Civil rights leader Martin Luther King Jr. in his famous letter from Birmingham Jail responded to criticisms of the local clergy who charged that he was an outside agitator who was stirring up trouble away from his home town. He wrote, “I am cognizant of the interrelatedness of all communities and states. I cannot sit idly by in Atlanta and not be concerned about what happens in Birmingham. Injustice anywhere is a threat to justice everywhere. We are caught in an inescapable network of mutuality, tied in a single garment of destiny. Whatever affects one directly, affects all indirectly.”
The gospel story today features a woman – a Canaanite woman – who persists in asking Jesus for a healing for her daughter. According to the thought at the time, this woman was a foreigner, an outsider, one who did not belong. She’s the first non-Jewish woman that Jesus deals with in the gospels, and, as the story seems to show, there appears to be some reluctance on his part to do so.
I wonder if Jesus was testing the disciples, they begged Jesus to send her away, and perhaps Jesus was testing the woman herself. Perhaps Jesus was trying to make a point about faith, about the barriers that people place in God’s way? Barriers of race, barriers of culture, barriers of sex, barriers of wealth, even barriers of morality and religion. In Isaiah we heard, “is not the House of the Lord of Israel, the House of God, to be called a House of Prayer for All Nations?” Today’s passages show us that the barriers exist between people, and that those barriers can be overcome.
I want to look at the gospel story from this vantage point. There are many kinds of barriers that seek to keep the woman from Jesus:
Her nationality. She is not a Jew. She has no business turning to a Jewish religious leader for help.
Her gender. She is a woman, and despite the record of how many woman came to Jesus for help, woman really had no business approaching a male religious leader uninvited.
His silence. She must overcome the natural reaction that surely welled up within her to simply give up and go away. The master is not responding to her.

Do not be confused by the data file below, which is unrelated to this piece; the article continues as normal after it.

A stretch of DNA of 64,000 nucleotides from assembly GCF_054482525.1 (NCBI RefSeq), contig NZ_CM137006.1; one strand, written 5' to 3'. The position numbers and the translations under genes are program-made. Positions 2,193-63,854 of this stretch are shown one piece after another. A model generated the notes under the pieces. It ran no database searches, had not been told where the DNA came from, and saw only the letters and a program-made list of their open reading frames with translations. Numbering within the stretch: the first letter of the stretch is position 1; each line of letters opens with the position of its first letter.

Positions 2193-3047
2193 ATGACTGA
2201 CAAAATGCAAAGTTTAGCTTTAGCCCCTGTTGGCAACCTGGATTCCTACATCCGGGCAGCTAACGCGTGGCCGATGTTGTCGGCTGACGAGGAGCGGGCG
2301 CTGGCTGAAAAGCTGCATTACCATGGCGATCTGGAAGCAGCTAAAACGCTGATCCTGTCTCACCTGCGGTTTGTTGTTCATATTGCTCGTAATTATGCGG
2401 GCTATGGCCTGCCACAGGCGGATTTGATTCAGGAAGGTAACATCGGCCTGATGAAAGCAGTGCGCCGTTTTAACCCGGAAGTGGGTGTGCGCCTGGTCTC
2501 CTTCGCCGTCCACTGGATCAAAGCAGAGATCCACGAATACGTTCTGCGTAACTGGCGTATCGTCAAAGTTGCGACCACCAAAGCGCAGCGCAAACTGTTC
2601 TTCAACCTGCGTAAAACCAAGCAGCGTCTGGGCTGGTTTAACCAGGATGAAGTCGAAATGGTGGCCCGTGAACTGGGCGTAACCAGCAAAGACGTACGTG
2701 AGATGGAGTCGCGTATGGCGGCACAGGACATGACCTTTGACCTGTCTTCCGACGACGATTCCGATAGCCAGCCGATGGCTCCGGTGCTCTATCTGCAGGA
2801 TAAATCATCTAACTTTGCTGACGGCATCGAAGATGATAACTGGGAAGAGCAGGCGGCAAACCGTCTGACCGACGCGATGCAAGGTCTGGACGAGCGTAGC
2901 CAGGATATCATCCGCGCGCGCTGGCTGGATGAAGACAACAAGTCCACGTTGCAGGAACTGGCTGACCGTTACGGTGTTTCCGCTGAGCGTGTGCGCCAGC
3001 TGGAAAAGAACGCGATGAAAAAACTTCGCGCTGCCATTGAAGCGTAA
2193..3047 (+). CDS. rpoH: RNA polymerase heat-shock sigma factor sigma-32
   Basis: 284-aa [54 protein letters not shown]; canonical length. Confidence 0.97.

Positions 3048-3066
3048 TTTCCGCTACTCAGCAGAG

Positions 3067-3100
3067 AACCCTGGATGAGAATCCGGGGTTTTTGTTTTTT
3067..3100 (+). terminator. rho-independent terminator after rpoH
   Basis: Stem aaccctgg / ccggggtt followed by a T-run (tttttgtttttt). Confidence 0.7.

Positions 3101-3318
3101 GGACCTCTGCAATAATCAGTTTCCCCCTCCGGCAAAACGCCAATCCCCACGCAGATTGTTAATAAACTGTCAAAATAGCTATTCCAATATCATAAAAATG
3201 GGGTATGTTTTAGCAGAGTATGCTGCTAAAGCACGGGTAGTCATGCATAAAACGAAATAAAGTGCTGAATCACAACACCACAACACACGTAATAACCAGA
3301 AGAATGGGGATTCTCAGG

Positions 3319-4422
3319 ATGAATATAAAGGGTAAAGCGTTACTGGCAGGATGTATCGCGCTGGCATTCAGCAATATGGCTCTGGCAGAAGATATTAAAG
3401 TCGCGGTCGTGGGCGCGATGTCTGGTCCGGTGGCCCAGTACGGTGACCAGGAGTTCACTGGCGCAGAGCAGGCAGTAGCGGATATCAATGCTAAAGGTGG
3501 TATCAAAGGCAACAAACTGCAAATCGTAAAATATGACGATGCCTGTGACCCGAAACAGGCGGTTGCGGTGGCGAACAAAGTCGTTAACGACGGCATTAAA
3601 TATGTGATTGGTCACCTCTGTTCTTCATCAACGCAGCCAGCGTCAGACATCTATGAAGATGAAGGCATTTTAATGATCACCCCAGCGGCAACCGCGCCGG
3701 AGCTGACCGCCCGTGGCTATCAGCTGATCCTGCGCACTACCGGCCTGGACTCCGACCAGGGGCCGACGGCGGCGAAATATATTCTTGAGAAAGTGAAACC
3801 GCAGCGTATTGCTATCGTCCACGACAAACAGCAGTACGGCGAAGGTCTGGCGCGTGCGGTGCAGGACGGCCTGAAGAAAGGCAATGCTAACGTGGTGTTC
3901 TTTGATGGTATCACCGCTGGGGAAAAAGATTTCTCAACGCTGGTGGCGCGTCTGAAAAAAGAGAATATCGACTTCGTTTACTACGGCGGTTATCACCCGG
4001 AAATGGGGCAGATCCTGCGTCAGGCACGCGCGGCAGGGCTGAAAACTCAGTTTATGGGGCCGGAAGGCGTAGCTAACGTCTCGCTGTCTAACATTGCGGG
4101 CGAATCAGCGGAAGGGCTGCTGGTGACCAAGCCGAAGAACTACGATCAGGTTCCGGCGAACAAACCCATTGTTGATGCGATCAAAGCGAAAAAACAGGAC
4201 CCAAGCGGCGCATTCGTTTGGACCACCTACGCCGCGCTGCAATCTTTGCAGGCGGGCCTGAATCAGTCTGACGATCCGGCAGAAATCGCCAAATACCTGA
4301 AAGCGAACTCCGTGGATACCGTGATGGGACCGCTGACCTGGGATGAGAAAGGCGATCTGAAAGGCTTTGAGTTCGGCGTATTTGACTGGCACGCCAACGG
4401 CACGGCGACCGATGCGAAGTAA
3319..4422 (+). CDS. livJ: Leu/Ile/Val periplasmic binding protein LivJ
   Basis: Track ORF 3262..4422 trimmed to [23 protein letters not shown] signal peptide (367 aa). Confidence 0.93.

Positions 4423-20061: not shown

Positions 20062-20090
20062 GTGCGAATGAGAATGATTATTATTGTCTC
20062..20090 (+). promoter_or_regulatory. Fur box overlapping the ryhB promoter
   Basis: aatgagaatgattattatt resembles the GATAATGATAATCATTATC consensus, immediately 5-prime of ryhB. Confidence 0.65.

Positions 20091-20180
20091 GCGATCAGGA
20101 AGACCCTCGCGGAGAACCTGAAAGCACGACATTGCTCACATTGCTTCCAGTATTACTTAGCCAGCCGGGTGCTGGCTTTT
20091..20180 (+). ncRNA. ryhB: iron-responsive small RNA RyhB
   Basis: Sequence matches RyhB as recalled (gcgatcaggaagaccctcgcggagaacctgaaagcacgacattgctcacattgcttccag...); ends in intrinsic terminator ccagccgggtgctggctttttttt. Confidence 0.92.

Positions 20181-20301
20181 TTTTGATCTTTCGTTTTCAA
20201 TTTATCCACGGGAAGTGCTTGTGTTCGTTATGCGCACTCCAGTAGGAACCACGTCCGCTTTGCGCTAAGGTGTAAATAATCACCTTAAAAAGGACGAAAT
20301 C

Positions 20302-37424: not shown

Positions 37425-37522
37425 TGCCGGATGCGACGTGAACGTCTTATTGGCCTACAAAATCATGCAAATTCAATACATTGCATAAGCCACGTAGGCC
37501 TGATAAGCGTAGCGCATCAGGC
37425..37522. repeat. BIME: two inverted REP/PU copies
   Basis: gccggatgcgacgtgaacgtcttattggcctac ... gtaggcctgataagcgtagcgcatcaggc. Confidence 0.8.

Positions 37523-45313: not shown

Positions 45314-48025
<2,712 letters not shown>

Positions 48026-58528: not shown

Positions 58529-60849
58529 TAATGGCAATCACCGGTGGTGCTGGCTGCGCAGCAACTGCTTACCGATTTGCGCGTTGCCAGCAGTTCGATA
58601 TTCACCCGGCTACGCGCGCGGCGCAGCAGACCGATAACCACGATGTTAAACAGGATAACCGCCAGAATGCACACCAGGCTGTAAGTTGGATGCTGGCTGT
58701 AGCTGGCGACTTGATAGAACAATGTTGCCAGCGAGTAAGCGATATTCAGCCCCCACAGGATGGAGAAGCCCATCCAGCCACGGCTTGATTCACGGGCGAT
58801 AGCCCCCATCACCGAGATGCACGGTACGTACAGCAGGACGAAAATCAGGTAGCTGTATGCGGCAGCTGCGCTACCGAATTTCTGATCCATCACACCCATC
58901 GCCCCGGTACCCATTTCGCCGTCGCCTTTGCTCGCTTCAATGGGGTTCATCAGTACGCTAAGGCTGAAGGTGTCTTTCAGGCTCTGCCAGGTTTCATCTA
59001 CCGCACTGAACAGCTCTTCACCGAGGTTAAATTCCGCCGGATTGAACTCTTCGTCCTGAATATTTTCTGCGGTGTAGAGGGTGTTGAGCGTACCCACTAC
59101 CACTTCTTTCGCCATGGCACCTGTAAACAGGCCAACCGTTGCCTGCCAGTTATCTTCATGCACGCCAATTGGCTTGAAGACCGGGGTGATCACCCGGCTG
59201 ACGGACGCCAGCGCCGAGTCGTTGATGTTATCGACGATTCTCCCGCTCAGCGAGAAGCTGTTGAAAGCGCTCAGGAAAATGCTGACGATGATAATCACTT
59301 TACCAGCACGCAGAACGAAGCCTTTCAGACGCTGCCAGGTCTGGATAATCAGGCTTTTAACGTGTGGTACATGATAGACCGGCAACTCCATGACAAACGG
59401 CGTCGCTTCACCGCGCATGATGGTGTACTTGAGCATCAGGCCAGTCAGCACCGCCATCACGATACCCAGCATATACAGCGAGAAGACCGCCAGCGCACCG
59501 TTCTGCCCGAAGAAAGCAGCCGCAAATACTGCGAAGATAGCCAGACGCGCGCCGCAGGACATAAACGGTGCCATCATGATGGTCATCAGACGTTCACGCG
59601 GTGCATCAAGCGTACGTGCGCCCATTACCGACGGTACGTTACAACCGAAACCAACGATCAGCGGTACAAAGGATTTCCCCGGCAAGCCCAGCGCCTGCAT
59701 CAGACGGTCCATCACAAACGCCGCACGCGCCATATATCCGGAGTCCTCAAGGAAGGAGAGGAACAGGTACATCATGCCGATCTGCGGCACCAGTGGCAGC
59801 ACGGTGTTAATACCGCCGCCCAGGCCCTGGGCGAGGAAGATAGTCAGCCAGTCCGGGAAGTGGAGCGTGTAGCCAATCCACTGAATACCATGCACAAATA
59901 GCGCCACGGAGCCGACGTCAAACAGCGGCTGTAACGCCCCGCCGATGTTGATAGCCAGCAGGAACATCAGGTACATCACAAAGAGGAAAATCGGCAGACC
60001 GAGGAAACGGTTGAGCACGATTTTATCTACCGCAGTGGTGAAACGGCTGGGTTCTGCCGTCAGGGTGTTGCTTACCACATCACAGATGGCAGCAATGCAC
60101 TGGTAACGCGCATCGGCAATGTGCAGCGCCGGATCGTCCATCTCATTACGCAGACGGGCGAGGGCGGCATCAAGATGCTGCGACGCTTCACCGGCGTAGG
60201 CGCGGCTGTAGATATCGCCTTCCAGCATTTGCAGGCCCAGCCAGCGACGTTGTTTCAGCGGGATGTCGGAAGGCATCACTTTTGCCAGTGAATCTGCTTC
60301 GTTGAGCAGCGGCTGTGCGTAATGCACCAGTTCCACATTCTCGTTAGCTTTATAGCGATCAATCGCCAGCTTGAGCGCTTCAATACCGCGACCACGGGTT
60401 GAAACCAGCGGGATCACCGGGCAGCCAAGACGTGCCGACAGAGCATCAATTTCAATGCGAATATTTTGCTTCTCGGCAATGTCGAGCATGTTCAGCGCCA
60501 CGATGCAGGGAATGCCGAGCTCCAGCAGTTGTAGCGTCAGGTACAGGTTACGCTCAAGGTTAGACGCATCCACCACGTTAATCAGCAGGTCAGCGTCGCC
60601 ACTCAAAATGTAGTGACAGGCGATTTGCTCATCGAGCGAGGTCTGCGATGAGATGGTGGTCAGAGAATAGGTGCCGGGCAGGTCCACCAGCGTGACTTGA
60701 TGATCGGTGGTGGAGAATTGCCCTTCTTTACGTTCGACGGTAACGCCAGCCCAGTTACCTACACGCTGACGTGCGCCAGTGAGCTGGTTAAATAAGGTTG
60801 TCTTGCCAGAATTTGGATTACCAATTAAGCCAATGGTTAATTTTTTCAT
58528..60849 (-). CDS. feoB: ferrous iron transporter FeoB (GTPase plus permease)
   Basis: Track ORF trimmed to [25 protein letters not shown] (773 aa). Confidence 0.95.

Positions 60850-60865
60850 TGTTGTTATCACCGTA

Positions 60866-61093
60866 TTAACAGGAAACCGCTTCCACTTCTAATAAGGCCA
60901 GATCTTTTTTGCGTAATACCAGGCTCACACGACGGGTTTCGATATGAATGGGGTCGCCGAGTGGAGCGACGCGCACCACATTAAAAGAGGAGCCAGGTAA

The disciples are filled with scorn, frustration, and repugnance towards her.
And then, at last, when she does get close to the master, when she falls on her knees before him to ask for his help, she must deal with what seems to be an insult – she must swallow whatever pride she may have left and allow herself to be compared to a dog.
Think of having a real need in your life, and believing that there is someone who can help you with that need, but that person is totally unrelated to you by blood, culture, religion, or race – and, in fact, comes from a bloodline, culture, religion, and race that is opposed to your own. Think of having not only to face this kind of barrier, but also having to face a group of people who are telling you to get lost, and at the same time having to deal with apparent apathy, indeed even what at first blush seems like hostility from the person whom you are seeking help from, and all because of who you are and where you have come from. Would you put up with it? Would you even bother trying in the first place? And having tried, and being rebuffed, would you not be tempted to give up and to allow the barriers between you and your goal to stand?
This is what the story is really all about: finding life, a good life, overcoming the barriers that prevent others, and ourselves, from being made whole. Every person of good sense knows that wholeness comes from God, and can only come from God. Certainly the woman from Canaan knew this and, because of the stories that she had heard, and perhaps because of what she herself had seen somewhere, she had the faith that Jesus could bestow God’s wholeness on the most important person in her life, her daughter.
At the end of the story, when wholeness has been promised, Jesus says, “woman, great is your faith”. What he means is not great is your persistence, nor great is your pushiness, nor even great is your need. What he means is great is the reason you have for being here when your daughter is sick, great is the hope you have in coming to me, great is the trust that led you here and caused you to be persistent, clever, and even a bit pushy.
The woman from Canaan believed in Jesus, she had faith in him, she believed he could heal, she believed that he was her hope and he alone, and it was this belief, this faith, that overrode all other concerns. It alone gave her the energy to persist in the face of opposition, it alone supplied her with the courage and the audacity that she needed.
Is there anything that you need so desperately from God that you will knock, and keep on knocking, until you get the assurance that heaven has heard your prayer?
This lady is a challenge to our spiritual laziness and lack of passion. She was passionate. She was persistent. She seized the initiative and broke down every barrier. She stayed focused on her main objective. She stayed in pursuit of her objective until the promise was given.
Is there something that you are praying about? Do you seek the inner assurance that God hears? Do you want the promise confirmed?
Take a moment to ask yourself: am I really passionate about this? Am I willing to persist until God confirms his promise in my heart? Am I going to overcome and overlook every thought that tries to disqualify me? Am I going to hang in there until I hear from God?
In our time of silence challenge yourself with this lady’s faith.